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CD of The Week

Week of 11/06/17

    Bully - Losing (Sub Pop)

    Look, the 90's were great for music. Even though many people had it good, there was still enough teen angst to be harnessed and reflected back through fuzzy guitars and shout-y vocals. Today with a backward sliding society, there are plenty of reasons for bands to pick up the torch of torment and write frustrated songs trying to figure out life. No one is better prepared than Alicia Bognanno and her band Bully.

    In college, Bognanno was the star intern at Steve Albini (Nirvana, Pixies)'s Electrical Audio recording studio, which is where she returned to produce and engineer Bully's second album Losing. Both Albini and the studio's influence are easily seen in the heavy-handed guitars, sludgy feedback and raspy-yet-melodic vocals that she employs to construct their sound. 

    Losing finds Bully more polished and organized than 2015's Feels Like. The songwriting is complex, giving space for hooks to play out and peppering in harmonized vocals behind emotional shouts. "Spiral," a song that sounds like a cross between The Cure's "In Between Days" and Smashing Pumpkins' "1979" picks and chooses its battles to fill the airwaves with droning bass or whining guitars, while giving space to spotlight Bognanno''s voice. She finds it easy to shift her singing style at the drop of a hat, from reserved and calculated like Kay Hanley from Letters to Cleo, to gruff shouting like Cerys Matthews from Catatonia. "Focused" is a prime example, where Bognanno starts out sedated only to explode as she seems to slowly lose the battle of sanity. "Not the Way" follows up with primal Sam Kinison yells as the unfazed backing vocals act as an internal argument, contemplating her true feelings about a relationship.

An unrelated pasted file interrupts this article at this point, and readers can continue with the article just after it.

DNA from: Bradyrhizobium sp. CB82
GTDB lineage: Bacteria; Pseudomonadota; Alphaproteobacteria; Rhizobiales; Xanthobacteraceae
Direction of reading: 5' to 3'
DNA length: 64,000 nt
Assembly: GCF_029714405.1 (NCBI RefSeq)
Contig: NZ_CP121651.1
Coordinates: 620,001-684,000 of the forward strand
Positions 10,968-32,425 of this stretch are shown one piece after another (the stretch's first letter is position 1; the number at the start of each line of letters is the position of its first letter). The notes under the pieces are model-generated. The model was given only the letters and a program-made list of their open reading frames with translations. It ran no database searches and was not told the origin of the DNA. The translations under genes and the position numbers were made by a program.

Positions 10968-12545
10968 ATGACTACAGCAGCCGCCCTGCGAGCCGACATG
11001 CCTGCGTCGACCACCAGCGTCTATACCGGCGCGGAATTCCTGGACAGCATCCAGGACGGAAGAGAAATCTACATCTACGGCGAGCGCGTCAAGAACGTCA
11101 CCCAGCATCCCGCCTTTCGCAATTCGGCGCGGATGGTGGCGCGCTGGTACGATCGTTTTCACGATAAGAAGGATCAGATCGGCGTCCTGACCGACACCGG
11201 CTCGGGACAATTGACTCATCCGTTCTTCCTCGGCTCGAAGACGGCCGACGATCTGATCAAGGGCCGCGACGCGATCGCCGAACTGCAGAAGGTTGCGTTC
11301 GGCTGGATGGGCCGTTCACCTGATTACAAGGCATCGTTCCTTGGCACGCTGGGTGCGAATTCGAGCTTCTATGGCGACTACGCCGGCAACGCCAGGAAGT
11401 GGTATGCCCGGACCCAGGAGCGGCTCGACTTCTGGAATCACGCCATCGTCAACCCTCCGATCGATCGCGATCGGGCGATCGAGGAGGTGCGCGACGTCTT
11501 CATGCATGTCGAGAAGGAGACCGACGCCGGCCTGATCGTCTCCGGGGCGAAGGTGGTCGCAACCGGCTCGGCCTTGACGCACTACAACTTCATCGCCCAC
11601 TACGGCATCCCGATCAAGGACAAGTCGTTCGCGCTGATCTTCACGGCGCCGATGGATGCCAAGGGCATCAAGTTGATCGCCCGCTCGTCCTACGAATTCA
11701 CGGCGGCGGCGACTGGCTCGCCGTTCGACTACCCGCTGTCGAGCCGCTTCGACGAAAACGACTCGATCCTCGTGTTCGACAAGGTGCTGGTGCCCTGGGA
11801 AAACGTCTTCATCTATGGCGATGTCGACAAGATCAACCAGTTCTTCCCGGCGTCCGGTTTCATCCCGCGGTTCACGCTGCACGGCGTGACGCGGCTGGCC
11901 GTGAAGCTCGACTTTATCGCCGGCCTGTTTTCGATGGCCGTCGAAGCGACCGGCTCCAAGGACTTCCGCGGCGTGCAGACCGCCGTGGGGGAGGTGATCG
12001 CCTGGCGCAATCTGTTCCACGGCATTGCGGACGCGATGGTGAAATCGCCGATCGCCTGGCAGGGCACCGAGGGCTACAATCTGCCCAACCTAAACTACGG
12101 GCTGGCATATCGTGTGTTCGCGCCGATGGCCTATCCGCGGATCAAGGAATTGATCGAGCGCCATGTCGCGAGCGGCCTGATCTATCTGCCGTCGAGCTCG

Dissecting things in one's mind until they no longer make sense and expressing raw emotions runs deep on Losing. Every word on the album has purpose and deliberate choice of tonal inflection. Bognanno has spent a lot of time crafting songs she wants to sing and perform, taking into account the repetition of playing songs night after night and how best she can enjoy each performance for herself and the fans. So when you go see her play with the stellar Aye Nako opening at the First Unitarian Church on November 14th, know that the cathartic songs you are hearing and seeing were produced for maximum fun on both sides of the stage.

    **Donate $20 or more to Y-Not Radio to receive Losing on CD. Click here for details.

    Review by Shepard Ritzen

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